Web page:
Thursday, April 30, 2015
It's not education or experience.
Sit back, relax and let me tell you a story:
About 10 years ago I was assisting a client in hiring an entry level professional. We interviewed over 20 people and the department head found each one lacking. With each successive interview my usual cheerful countenance was fading. - We were running out of people to interview.
The client had rejected some very qualified people. She said they just wouldn't fit with "her gang." We kept interviewing until late one afternoon Amber sat down in front of us. Qualification wise I would put Amber dead in the middle of the pack of candidates. She met all the qualifications but I could have made a case there were others with more experience and knowledge.
I noticed on her resume that she'd only had one job during high school and college. She'd risen through the ranks after starting out, well after starting out by asking, "Would you like fries with that order?" From the time she was 16 until she graduated from college at age 23 Amber worked in a fast food restaurant.
One job and one job only.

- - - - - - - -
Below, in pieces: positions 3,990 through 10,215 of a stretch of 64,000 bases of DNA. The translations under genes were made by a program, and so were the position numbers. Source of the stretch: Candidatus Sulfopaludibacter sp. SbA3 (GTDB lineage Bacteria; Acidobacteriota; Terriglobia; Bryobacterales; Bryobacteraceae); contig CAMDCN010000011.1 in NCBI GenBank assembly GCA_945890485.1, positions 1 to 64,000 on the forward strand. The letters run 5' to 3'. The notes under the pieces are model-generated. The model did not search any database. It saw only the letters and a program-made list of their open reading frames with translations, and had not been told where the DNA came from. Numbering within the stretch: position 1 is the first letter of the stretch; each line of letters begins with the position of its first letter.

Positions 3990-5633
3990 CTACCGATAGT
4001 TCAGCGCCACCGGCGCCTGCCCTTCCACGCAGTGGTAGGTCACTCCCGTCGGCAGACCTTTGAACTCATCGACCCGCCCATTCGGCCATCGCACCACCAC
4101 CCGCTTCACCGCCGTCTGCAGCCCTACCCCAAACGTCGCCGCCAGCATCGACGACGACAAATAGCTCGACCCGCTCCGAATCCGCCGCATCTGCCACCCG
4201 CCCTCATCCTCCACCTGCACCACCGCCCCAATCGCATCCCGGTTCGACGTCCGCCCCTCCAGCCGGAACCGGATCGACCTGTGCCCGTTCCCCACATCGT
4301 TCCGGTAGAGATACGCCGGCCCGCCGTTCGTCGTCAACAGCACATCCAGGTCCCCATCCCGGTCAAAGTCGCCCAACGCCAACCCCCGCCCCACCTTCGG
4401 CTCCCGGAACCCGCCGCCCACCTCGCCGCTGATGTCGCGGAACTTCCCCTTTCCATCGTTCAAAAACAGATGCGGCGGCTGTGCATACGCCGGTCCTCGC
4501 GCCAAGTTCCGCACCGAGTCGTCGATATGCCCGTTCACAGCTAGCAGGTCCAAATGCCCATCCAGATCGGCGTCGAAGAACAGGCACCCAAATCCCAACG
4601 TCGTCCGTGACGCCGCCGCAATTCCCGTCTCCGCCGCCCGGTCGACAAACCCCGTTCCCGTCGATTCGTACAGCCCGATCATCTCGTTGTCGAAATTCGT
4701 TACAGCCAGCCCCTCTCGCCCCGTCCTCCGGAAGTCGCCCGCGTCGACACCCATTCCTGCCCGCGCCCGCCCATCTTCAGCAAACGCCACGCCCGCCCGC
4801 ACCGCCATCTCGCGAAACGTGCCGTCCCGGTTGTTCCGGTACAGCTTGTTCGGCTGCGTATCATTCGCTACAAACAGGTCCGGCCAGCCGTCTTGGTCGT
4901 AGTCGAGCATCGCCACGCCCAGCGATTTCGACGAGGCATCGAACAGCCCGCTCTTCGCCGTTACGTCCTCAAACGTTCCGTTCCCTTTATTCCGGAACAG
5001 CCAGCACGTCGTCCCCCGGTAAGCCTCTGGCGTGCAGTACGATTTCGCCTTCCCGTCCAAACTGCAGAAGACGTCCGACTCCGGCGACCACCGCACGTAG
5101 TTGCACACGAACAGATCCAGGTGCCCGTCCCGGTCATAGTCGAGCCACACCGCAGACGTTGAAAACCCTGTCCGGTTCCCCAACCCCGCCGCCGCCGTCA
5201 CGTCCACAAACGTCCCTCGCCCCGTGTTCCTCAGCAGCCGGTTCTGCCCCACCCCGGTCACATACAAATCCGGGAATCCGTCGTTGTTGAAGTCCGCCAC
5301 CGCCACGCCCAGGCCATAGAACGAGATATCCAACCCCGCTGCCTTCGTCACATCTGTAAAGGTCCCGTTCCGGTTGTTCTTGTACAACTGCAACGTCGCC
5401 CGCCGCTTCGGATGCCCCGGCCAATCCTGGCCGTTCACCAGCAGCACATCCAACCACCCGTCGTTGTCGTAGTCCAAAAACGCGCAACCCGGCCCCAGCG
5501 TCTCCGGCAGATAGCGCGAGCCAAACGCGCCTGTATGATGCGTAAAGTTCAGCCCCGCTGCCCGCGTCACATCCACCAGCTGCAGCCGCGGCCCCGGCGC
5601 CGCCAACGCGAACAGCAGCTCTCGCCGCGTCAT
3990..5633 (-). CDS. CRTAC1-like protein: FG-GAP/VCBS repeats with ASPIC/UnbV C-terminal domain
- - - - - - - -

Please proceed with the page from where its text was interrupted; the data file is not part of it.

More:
For her it was a no brainer. This fast food chain allowed you to contribute part of your hourly wage to an education fund that they would match. This limited the amount of money she had to borrow. But the thing she was proudest of was that she'd never missed a scheduled shift and had the documentation to prove it. She told us it was touch and go when she went into labor with her daughter but she finished her scheduled shift.
I guess you know where this going. Amber was hired and 10 years later Amber is still working at the same company. She's received 3 promotions and a Masters Degree. When the head of the department retires in a few years Amber has been identified to take her position.
Sometimes we over look the obvious. We focus on the latest and greatest divining rod to help us make the best choice. But in the end, it's those who show up all day and everyday, those who choose something and stick with it. It's those people, like Amber, who make the best people for our organizations.
The average cost of hiring in the USA is approximately $9,000 per person. That's from the time you decide you need to fill a position until the time you feel that person is making a contribution to your company. If you make the wrong choice you will spend a lions share of that figure in finding a replacement.
Responsibility, no matter how small, can be the glue to consistency in your company.